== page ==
The Magickal Aspect

The Magickal Aspect


by George D. Jackson

The condition of aspect, in the magickal sense, is a state of mind or space that an adept shifts into prior to performing magickal operations. Another way of looking at aspect is as an internalized mental, emotional and spiritual change from ordinary reality to a highly personal space where magick works. As such, it is a state of personal transformation. It can be described in several ways, but nothing substitutes for experience.

Aspect is developed through magickal education and practice that over time is layered into the unconscious mind. In this article, I am going to use the Hawaiian Huna paradigm as a model, with its concept of three levels of self. In this paradigm, the high self is the most evolved state and has the power to directly influence universal forces as well as aid the middle and basic selves. The middle self is one’s consciously aware state, tasked with making reasoned decisions and helping to direct the evolution of the basic self. The primal basic self generates emotions, stores all memory and runs the autonomic nervous system, as well as providing energy derived from the external environment to both the high and middle selves. In the Huna paradigm, this energy is often called mana.

Now, back to aspect. When the conscious self decides to develop an aspect, the subconscious or basic self adds emotional context to this conscious effort, and frequently the aspect develops a persona of its own. This development is akin to the psychological condition of multiple personalities, with the exception being that the conscious personality can directly interact with the aspect. Because aspects are usually constructed around a particular emphasis, an adept can have more than one of them, even though the aspects may share several attributes. Such attributes are powers and abilities that are developed and exercised by an aspect and are often derived from the high self.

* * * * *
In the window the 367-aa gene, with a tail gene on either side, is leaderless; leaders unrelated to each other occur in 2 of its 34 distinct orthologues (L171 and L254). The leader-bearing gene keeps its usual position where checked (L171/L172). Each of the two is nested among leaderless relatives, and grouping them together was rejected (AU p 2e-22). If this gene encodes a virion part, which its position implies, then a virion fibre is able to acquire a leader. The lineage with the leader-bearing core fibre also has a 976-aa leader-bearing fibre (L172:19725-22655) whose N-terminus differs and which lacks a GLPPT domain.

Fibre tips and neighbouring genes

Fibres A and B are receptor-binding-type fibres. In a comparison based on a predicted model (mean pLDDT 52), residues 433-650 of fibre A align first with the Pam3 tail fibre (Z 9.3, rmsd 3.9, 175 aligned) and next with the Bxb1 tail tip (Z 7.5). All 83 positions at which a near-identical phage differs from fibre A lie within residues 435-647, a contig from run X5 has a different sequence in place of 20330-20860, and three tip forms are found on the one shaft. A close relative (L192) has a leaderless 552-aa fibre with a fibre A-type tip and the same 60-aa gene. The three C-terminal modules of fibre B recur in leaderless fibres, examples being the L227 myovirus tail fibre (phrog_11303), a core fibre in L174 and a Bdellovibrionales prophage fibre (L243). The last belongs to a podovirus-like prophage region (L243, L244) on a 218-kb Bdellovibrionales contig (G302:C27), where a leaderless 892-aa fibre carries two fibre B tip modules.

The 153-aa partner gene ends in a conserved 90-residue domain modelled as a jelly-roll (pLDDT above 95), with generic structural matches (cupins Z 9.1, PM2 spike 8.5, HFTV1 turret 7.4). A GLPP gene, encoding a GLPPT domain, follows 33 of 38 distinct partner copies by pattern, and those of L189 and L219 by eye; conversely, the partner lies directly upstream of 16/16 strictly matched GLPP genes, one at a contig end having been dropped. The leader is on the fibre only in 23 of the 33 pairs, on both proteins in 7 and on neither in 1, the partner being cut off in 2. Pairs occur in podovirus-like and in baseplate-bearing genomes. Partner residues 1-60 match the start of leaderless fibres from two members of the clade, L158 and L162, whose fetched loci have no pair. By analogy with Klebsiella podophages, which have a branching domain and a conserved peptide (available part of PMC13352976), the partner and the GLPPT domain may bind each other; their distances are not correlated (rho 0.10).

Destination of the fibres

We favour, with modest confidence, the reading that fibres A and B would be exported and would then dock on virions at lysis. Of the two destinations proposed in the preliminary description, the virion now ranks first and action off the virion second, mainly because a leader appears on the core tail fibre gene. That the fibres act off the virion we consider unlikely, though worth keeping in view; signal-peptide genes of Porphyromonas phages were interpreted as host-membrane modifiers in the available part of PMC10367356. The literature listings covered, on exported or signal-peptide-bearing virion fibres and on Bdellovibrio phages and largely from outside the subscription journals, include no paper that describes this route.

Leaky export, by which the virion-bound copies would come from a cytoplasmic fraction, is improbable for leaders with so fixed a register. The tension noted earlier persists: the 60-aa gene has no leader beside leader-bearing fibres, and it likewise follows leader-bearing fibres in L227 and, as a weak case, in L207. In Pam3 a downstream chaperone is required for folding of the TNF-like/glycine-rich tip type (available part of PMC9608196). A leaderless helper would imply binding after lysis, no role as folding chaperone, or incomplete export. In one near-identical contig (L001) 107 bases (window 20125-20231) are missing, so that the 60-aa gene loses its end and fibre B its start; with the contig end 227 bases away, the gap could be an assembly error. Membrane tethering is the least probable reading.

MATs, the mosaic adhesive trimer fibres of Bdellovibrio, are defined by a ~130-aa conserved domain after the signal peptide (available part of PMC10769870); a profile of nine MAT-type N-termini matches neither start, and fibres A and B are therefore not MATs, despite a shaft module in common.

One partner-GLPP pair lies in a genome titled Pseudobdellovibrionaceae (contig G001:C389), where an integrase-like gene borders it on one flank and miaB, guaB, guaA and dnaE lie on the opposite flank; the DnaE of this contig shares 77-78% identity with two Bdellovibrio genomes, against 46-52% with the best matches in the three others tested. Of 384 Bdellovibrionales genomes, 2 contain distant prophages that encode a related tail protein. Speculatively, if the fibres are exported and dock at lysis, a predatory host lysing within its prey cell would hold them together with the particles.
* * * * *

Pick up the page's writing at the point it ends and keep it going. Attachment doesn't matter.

Developing a magickal aspect is an act of Will. The original statement of intent goes something like, “I will become a magick user!” Some pathworking is then done, as a person sorts through the varieties of magick he or she can learn about and selects the particular type with the most personal appeal. When this decision is made, the person applies a layering of education and magickal practice, and the unconscious, high and basic selves respond by creating an aspect. We often give this persona a magickal name.

If the individual doing this has an enthusiasm for mythic or science fiction literature, the unconscious may include some of this information in the persona of the aspect, which can cause some of the aspect’s character traits to be quite different from the adept’s normal personality. Also, if study and practice diverge enough from the approach that created the original aspect, the unconscious may start producing an additional aspect keyed to the new approach. For example, in ordinary reality many of us have two aspects, one for home and one for work.